Every normal man must be tempted, at times, to spit on his hands, hoist the black flag, and begin slitting throats. –H.L. Mencken

Conservatives, Contraceptives, and Casuistry

Anacardium occidentale tree

Anacardium occidentale tree

The recent Supreme Court challenge to the Obamacare contraceptive mandate brought by Hobby Lobby and Conestoga Wood Specialties really brings into sharp relief the duplicity of so-called conservative Christians.  We’ve also seen these same arguments when it comes to wedding photographers and cake bakers being sued for refusing to provide services to same-sex couples for their weddings.

I have a really hard time sympathizing with them and I’m kind of tired of hearing them whine, but not because I don’t agree with them.  They are right to be outraged at the mandate.  But they are outraged for the wrong reasons and because of this, also hypocritical.

Let’s examine the issue.

Christians are upset that the state is requiring them (actually businesses owned by Christians) to act in a certain way (provide contraceptives, bake cakes, take pictures) which violates their religious principles.  Of course it does.  But that is the wrong argument and one that is every bit as bad as arguments from special interest groups looking for special rights.

Indeed the whole of Obamacare (and virtually every other law) is an affront to liberty, not just the mandate.  But we need to stop right here and say that limiting this to religious principles is a mistake.  To take that position is to say that it is OK for the state to require non-Christians to provide certain benefits to their employees which they don’t wish to, even if it doesn’t violate their consciences.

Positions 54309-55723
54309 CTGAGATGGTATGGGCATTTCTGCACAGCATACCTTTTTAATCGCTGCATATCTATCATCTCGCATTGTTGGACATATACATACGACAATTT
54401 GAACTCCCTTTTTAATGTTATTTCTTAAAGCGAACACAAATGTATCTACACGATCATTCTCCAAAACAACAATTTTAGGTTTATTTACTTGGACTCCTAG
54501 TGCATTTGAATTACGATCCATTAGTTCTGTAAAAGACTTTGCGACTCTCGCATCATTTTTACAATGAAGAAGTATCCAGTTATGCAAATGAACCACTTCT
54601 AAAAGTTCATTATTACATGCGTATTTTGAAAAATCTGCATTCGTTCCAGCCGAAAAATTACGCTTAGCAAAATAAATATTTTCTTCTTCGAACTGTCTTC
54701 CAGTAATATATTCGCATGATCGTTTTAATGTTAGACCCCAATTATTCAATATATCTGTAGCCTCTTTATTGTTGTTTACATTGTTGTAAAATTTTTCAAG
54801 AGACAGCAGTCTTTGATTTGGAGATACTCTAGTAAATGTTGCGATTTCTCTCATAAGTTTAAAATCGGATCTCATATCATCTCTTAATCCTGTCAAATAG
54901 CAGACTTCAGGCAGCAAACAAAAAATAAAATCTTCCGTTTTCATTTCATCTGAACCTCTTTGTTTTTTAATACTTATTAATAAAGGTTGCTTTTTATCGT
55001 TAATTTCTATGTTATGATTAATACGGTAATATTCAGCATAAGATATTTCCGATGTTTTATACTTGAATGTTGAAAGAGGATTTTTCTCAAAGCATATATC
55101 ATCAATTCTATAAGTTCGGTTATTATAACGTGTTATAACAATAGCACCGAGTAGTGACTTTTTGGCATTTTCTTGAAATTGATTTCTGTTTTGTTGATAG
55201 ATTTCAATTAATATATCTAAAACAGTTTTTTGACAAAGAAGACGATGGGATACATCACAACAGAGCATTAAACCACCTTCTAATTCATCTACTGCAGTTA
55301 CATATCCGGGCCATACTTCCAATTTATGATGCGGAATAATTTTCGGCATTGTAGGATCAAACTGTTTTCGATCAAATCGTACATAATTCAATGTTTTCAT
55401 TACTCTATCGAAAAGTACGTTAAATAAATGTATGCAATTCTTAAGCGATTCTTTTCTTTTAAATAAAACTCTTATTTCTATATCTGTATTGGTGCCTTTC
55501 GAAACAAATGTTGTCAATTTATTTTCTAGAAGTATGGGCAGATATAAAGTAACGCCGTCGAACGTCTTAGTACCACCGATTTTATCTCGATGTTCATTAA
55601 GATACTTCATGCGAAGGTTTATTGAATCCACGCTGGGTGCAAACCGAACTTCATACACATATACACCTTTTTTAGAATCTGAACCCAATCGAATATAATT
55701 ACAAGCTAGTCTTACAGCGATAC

Is the atheist shop owner to be required to provide specific benefits to his employees that he doesn’t wish to, just because he has no moral objection?  Should Christians be arguing just for themselves in matters of justice and fairness?  Certainly not.  This is a matter of property rights and personal liberty, not religious liberty.  The argument should be that forcing anyone to provide any service against their will is a violation of their rights, religion notwithstanding.

Ah, but they cannot argue such.  That would be too “libertarian”.  And you know what libertarianism leads to, don’t you?  Anarchy.  It’s of the devil of course.  But more importantly, it would also expose their hypocrisy.

kazooistryYou see, these same people who cry ‘woe is me’ about the state using its monopoly on violence to force a certain worldview on others are generally the same people who also want to use the state’s monopoly on violence to enforce their worldview on others.

Take, for example, the legalization of marijuana in Washington and Colorado.  Conservative Christians are incensed that those states are not fining, kidnapping, and caging people for smoking weed, something they consider to be morally wrong.  Of course this is couched in Christian-ese language like “common grace”, “restraining evil” and “maintaining moral restrictions”.

But the hypocrisy is clear.  The fact that both of these things (Obamacare mandates and imprisonment for drugs) are violent acts of the state perpetrated against innocent, non-violent people, means that Christians who want one but not the other are either at best totally clueless, or at worst totally disingenuous.  They want the state to use its power, but only for things they approve of.

I think their mindset is best summed up in the words of George W. Bush who said in 2000, “If this were a dictatorship, it would be a heck of a lot easier…just so long as I’m the dictator.”

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